1.He no longer dreamed of storms, nor of women, nor of great occurrences, nor of great fish, nor fights, nor contests of strength, nor of his wife. He only dreamed of places now and of the lions on the beach. They played like young cats in the dusk and he loved them as he loved the boy.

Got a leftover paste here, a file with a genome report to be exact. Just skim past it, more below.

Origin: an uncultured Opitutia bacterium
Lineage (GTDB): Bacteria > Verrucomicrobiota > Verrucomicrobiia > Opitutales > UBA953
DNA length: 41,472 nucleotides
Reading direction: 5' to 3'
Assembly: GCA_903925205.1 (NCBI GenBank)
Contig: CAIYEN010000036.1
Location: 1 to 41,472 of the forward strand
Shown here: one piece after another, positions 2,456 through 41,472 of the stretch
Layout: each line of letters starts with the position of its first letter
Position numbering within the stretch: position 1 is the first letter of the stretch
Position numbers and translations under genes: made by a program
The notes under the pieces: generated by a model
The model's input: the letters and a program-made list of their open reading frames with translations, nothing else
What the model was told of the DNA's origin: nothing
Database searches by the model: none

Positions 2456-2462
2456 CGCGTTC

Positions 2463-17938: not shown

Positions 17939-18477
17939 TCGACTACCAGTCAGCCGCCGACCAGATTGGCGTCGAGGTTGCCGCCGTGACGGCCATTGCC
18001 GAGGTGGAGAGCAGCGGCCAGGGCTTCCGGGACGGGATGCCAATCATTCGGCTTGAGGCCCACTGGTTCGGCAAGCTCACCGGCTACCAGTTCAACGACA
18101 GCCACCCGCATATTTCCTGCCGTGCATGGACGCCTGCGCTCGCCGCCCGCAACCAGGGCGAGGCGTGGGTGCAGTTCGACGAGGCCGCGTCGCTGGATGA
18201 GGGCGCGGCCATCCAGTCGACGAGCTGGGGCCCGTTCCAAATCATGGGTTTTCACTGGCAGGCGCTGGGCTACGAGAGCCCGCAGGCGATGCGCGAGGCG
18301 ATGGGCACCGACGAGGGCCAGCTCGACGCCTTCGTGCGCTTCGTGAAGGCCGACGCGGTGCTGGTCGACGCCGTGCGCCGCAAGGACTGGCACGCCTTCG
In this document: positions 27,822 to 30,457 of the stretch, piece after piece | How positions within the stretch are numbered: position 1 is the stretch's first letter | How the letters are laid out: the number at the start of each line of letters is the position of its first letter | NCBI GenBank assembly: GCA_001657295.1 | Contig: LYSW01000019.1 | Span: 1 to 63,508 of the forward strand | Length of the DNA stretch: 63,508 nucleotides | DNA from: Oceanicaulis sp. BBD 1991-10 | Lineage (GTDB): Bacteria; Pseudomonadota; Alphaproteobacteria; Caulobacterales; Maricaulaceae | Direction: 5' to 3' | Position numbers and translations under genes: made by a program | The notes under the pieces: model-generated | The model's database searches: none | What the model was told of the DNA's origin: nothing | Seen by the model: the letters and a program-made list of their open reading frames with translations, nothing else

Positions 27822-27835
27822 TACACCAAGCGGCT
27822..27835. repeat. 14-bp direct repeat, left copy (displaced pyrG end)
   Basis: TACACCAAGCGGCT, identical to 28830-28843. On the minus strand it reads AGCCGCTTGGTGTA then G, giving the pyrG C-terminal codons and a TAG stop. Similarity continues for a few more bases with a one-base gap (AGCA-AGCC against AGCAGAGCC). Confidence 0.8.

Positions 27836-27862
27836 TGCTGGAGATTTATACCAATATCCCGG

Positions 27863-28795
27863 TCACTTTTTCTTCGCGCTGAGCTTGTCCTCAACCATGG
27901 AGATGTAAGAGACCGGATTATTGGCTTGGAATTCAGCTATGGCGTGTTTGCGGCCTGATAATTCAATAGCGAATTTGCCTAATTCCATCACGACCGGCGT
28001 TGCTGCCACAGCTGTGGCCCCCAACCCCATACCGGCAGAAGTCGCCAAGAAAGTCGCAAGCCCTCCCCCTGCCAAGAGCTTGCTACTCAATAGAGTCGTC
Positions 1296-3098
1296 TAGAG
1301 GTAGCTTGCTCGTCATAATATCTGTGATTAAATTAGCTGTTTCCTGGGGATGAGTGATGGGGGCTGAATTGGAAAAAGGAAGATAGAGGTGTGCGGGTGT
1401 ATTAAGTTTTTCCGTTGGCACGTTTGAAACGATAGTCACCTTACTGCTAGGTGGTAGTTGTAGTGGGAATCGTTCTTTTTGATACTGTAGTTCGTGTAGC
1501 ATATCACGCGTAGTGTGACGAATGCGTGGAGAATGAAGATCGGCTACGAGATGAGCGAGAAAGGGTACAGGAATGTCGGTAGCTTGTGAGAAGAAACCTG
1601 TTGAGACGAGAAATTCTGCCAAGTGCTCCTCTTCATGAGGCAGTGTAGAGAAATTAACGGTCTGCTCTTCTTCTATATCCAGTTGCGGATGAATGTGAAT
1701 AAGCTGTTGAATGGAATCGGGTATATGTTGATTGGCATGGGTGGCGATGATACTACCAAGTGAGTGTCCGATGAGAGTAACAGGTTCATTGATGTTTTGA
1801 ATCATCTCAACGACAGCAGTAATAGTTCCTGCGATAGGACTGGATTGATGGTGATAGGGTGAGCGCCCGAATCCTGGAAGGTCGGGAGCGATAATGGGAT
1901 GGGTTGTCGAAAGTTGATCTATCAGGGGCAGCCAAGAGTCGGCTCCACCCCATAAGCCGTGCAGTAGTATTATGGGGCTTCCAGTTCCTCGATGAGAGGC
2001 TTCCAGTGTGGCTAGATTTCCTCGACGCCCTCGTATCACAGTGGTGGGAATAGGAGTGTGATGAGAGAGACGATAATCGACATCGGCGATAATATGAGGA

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This passage, which describes Santiago’s dreams on the night before he sets out for his fishing expedition (the first day that the narrative covers), simultaneously confirms and moves beyond Hemingway’s immediately recognizable vision of the universe. Hemingway made his career telling stories about “great occurrences,” “great fish,” and “contests of strength.” The fact that Santiago no longer dreams of any of these makes him unique among Hemingway’s heroes. Of course, by dreaming of lions he is still in a recognizably “Hemingwayesque” world, but the lions here are at play and thus suggest a time of youth and ease. They are also linked explicitly to Manolin, a connection that is made apparent at the end of the novel as the boy watches over his aged friend as Santiago’s dream of the lions returns.